- Install power factor correction capacitors (Motor running capacitors*) in parallel with motor windings
- Draws leading current which offsets some lagging current.
- Can increase full load PF to 95% (Max.)
- Convert to a Variable Frequency Drive
- *Motor Running Capacitors are one of the more popular methods to increase motor power factors, and has the following list of benefits:
- Increase Power Factor
- Reduce reactive current flow from electric utility through cables and motor starters
- Less heat dissipation and kW losses (3% of motor demand)
- Savings potential increases as motor load decrease, and PF drops below 60%-70% (10% savings possible)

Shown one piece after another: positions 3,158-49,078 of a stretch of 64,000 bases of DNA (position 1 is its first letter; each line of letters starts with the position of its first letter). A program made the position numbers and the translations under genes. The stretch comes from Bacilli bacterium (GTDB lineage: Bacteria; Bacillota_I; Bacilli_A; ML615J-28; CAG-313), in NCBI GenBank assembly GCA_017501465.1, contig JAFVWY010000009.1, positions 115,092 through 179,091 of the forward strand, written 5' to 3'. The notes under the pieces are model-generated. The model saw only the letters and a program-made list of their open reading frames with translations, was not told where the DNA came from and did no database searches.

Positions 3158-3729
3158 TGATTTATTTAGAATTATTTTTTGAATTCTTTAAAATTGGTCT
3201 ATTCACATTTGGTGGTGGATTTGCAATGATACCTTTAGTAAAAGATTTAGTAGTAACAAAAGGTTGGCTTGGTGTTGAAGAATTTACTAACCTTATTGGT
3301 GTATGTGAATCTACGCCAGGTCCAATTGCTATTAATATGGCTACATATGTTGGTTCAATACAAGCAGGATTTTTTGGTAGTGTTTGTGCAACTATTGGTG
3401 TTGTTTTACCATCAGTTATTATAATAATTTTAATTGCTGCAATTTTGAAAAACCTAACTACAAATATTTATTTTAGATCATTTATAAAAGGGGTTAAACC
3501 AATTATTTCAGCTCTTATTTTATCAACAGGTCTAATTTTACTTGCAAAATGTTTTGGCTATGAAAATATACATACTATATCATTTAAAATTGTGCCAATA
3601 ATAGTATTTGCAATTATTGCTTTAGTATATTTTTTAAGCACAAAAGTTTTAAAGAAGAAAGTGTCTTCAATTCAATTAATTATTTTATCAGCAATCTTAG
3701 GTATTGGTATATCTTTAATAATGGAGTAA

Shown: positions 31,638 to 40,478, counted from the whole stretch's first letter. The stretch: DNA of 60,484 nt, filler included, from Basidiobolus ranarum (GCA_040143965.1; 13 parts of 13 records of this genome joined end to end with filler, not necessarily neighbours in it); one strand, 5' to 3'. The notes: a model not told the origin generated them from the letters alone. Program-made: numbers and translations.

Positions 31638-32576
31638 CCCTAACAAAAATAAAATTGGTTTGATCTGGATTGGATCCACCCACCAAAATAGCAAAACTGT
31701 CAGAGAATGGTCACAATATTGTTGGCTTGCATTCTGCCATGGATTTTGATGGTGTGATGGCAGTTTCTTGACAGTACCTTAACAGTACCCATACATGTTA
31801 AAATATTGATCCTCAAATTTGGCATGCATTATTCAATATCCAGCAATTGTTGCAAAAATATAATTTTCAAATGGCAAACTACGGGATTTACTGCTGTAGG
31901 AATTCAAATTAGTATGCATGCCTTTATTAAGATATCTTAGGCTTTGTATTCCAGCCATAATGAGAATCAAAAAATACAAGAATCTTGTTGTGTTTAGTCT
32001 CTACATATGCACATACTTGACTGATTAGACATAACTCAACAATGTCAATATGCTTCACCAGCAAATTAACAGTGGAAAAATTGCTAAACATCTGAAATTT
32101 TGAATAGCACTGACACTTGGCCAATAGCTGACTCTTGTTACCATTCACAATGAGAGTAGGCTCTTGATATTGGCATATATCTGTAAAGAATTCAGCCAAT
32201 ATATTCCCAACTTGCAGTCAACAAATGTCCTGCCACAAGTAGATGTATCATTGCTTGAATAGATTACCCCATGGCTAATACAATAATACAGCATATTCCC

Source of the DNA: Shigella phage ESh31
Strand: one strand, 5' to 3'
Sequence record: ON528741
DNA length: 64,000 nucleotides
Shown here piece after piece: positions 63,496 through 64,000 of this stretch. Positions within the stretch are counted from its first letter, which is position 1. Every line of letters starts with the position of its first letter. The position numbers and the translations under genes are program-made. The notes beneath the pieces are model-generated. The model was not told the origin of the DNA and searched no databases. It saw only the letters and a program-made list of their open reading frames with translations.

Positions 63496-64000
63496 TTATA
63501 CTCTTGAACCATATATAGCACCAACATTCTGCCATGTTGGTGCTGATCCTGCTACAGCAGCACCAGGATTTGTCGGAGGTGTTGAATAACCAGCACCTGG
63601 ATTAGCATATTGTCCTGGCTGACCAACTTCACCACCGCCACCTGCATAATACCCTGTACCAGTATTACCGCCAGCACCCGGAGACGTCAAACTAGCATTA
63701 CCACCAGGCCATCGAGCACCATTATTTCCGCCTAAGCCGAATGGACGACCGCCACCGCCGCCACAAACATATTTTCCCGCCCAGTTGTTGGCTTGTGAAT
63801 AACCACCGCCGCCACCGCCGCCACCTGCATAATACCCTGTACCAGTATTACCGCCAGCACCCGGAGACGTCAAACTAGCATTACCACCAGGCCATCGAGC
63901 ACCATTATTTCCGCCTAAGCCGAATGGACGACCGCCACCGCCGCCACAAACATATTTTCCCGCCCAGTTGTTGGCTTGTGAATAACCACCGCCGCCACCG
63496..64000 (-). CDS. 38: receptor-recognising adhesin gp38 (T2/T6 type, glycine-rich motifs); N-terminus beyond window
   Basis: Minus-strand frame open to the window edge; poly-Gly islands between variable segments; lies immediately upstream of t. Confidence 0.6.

- Reduces utility PF penalty charges
- Increase total system capacity
- Intelligent Electric Motor Control
- Variable frequency drives
Another way to increase the motor efficiency is to operate with higher voltage. The higher the voltage, the lower the current, and, therefore, the lower the line losses. However, higher voltages do increase VFD costs and are more dangerous to work with.
So when attempting to reduce pump system energy costs, do not overlook the motor efficiency and the above factors that impact it.
About the Author: Allan R. Budris, P.E., is an independent consulting engineer who specializes in training, failure analysis, troubleshooting, reliability, efficiency audits and litigation support on pumps and pumping systems. With offices in Washington, NJ, he can be contacted via e-mail at email@example.com.